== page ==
For the past 40 or 50 years, Americans have lived by a series of unofficial tenets: A good education guarantees a good job, hard work will bring prosperity, and 40 years of 40 hour-a-week work earns a comfortable retirement. Then maybe; now not so much.
Working harder for less money is the new normal for those lucky enough to have a job. Millions of families have reduced expenses they long took for granted. The pinch that many families feel comes from incomes that have fallen while other unavoidable costs have continued to increase. Many people have absorbed pay cuts or taken new jobs that pay a lot less than their previous employment.
When income falls faster than expenses, the first impulse is often to make up the difference by borrowing. But banks and credit card issuers have clamped down on lending, leaving many Americans no choice but to raid their savings, if they have savings, to pay the bills. This has happened at the same time home values have plunged.
The cost of financing and maintaining a home soared by 56 percent between 1990 and 2008. Although the housing bubble has burst, many families that purchased a home near the peak of the market, between 2005 and 2007, still are stuck with property that’s declining in value and in some cases worth less than the mortgage. Foreclosures continue for many families.
Two parent families have maintained their standard of living because both parents work. Between 1990 and 2008, hours worked by both parents in a typical middle-income family increased 5 percent; in a middle-income single-parent family, hours worked increased by 13.4 percent. There is less time for taking care of kids, aging parents, and anything else that needs attention. Additional expenses for paying somebody else to provide needed services are incurred. For example, child care for a toddler and an infant can cost $1,500 a month.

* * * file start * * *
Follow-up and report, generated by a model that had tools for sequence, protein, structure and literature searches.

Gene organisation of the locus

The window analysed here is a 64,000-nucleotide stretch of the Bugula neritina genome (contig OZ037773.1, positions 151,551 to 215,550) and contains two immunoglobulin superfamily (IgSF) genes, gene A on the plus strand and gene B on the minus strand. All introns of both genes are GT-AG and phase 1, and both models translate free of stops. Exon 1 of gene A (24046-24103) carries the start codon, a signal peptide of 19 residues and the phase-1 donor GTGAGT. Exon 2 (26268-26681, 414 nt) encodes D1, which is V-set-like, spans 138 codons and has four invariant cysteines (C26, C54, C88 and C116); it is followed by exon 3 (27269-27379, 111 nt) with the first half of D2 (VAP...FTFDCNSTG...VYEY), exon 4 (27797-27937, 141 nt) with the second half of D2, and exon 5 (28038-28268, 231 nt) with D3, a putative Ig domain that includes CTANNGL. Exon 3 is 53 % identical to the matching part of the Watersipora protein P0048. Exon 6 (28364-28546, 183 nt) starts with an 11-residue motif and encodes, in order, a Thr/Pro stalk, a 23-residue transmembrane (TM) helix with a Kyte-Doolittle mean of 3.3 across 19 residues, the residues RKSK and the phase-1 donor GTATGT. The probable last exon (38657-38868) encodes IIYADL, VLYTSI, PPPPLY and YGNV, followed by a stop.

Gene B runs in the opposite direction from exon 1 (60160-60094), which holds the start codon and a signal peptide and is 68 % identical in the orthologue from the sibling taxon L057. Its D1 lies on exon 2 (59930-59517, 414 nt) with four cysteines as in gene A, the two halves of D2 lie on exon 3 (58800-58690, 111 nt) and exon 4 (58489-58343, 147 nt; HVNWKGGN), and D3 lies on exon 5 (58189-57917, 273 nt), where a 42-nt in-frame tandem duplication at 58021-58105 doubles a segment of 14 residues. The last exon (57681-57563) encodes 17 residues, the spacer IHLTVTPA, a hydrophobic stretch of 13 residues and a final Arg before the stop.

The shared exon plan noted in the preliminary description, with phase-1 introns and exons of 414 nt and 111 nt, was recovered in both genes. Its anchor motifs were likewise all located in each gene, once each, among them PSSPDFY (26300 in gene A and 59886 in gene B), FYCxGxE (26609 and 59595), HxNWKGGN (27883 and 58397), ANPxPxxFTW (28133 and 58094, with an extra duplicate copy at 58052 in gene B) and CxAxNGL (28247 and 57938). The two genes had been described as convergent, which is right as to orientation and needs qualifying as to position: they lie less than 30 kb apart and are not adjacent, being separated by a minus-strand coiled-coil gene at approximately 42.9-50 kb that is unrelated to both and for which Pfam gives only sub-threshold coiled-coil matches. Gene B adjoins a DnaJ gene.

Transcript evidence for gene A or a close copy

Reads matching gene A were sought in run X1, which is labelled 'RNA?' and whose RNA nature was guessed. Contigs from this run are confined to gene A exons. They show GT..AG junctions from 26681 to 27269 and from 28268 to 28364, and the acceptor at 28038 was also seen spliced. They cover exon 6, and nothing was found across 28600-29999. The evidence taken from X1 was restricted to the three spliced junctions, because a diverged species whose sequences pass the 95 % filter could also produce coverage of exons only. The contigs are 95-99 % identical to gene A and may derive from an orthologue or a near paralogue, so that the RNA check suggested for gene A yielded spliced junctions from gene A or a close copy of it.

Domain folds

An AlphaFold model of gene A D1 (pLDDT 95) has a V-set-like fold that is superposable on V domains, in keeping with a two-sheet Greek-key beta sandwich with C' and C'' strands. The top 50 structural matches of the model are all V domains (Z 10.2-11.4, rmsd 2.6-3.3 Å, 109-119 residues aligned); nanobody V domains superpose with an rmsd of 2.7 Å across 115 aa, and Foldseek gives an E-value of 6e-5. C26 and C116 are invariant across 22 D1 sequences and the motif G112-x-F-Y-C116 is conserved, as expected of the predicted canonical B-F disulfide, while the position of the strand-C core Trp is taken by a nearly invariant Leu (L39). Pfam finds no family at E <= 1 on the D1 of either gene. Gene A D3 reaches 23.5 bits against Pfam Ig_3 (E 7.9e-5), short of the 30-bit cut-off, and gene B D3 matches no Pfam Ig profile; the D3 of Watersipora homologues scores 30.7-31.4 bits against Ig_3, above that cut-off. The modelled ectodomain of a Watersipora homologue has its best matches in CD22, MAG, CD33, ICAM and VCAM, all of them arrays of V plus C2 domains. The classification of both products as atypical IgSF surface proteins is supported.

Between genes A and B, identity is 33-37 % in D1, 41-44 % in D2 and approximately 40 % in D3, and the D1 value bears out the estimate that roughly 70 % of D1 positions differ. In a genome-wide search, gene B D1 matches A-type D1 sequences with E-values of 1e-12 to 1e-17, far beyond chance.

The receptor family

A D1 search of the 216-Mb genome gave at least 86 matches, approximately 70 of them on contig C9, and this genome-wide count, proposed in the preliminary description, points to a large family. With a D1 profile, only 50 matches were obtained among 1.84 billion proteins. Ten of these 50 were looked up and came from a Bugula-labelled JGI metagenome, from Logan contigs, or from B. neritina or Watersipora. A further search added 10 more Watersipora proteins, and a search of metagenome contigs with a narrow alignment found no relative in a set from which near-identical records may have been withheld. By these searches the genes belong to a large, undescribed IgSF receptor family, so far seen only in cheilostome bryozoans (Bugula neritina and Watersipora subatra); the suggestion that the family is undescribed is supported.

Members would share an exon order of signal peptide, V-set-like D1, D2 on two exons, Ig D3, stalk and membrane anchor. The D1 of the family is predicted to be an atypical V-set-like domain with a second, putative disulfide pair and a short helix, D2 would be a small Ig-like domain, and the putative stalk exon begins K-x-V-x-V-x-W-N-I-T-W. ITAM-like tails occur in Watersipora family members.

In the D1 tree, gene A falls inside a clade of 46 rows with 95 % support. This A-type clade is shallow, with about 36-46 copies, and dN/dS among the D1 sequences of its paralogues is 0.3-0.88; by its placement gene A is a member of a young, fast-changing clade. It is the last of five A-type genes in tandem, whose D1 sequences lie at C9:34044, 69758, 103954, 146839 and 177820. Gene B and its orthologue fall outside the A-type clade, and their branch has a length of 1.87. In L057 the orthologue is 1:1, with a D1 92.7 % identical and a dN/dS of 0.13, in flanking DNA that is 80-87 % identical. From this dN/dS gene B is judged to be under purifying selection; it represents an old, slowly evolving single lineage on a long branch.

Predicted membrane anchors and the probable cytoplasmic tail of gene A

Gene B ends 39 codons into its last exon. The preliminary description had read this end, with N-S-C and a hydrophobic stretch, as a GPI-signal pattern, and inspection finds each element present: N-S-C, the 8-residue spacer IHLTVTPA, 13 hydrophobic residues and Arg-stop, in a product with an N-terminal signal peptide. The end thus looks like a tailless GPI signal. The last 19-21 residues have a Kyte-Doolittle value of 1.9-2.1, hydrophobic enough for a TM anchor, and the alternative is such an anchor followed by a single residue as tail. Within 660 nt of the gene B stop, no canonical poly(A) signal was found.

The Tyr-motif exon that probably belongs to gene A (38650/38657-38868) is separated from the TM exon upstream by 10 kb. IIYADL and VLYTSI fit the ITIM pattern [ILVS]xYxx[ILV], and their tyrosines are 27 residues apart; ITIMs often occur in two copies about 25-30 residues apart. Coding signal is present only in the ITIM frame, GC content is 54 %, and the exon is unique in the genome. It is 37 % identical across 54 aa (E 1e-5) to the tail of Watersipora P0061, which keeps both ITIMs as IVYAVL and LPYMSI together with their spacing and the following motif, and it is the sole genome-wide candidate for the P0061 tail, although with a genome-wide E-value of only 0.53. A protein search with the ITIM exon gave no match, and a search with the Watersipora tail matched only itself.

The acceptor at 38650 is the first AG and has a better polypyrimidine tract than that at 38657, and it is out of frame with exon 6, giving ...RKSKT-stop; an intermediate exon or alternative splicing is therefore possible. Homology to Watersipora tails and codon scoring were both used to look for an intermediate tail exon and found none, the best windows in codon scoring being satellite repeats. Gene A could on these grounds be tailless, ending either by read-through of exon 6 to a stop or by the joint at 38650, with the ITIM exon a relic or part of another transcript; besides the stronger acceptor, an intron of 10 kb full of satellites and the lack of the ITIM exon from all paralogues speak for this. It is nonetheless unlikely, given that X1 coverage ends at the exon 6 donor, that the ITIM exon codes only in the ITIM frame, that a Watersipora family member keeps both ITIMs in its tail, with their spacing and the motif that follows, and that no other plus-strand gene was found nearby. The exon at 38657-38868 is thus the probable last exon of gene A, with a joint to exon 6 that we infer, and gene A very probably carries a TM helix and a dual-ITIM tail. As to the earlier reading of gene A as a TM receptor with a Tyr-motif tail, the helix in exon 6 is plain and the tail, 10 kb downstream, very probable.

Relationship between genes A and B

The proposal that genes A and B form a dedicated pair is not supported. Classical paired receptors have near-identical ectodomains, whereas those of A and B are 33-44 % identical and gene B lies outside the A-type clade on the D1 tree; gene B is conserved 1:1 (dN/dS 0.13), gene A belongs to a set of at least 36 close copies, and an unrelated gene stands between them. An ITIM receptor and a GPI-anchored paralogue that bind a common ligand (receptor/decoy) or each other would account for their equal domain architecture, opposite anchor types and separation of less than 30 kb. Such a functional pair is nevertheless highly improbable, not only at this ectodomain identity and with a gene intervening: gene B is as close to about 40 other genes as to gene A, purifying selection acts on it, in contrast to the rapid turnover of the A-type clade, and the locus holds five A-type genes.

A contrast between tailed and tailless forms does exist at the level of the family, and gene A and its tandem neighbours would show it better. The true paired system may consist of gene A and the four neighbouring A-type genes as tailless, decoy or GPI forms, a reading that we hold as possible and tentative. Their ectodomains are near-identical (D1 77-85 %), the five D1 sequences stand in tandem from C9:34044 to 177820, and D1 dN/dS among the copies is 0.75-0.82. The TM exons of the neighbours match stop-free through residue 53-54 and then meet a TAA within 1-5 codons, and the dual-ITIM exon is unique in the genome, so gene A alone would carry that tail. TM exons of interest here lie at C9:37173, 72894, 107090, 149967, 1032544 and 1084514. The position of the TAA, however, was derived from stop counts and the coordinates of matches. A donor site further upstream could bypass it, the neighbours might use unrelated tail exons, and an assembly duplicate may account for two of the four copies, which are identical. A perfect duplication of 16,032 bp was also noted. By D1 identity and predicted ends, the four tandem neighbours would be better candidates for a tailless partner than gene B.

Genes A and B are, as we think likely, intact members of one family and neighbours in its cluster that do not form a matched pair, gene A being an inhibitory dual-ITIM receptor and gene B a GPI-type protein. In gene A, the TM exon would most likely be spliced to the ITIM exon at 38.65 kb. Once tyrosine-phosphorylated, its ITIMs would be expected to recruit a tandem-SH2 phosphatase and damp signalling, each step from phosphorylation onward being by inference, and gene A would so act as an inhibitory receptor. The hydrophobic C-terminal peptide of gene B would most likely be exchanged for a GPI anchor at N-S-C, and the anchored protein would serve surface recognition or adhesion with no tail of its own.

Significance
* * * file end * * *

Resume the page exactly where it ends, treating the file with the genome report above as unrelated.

Healthcare costs have been rising unabated. Seniors who are living longer require more late-in-life care, with the costs often borne by their middle-aged children. Healthcare costs rose by 155 percent between 1990 and 2008, according to the White House’s middle-class task force, while median household income rose by only 20 percent. That means medical costs take an increasing share of take-home pay for virtually every family.
To save for college, a typical family with two kids should save about $4,200 per year. College costs have risen about 43 percent since 1990, nearly twice the rise in median income. With state and federal education budgets being axed, public universities are hiking tuition and fees. Many families take out bigger college loans, and students work more to pay for their own education. Students are graduating with substantial college debt at a time of diminished job opportunities. In its most recent survey of college pricing, the College Board reports that a “moderate” college budget for an in-state public college averaged $22,261. A moderate budget at a private college averaged $43,289. This is per year, for the 2012–2013 academic year.
The percentage of Americans who say they are in the lower-middle or lower class has risen from a quarter of the adult population to about a third in the past four years, according to a national survey of 2,508 adults by the Pew Research Center. Not only has the lower class grown, but its demographic profile also has shifted. People younger than 30 are disproportionately swelling the ranks of the self-defined lower classes. The shares of Hispanics and whites who place themselves in the lower class are also growing. The share of blacks in the lower class has not changed in years, one of the few demographic groups in which the proportion in the lower class did not grow. As a consequence, a virtually identical share of blacks (33%) and whites (31%) now say they are in the lower class.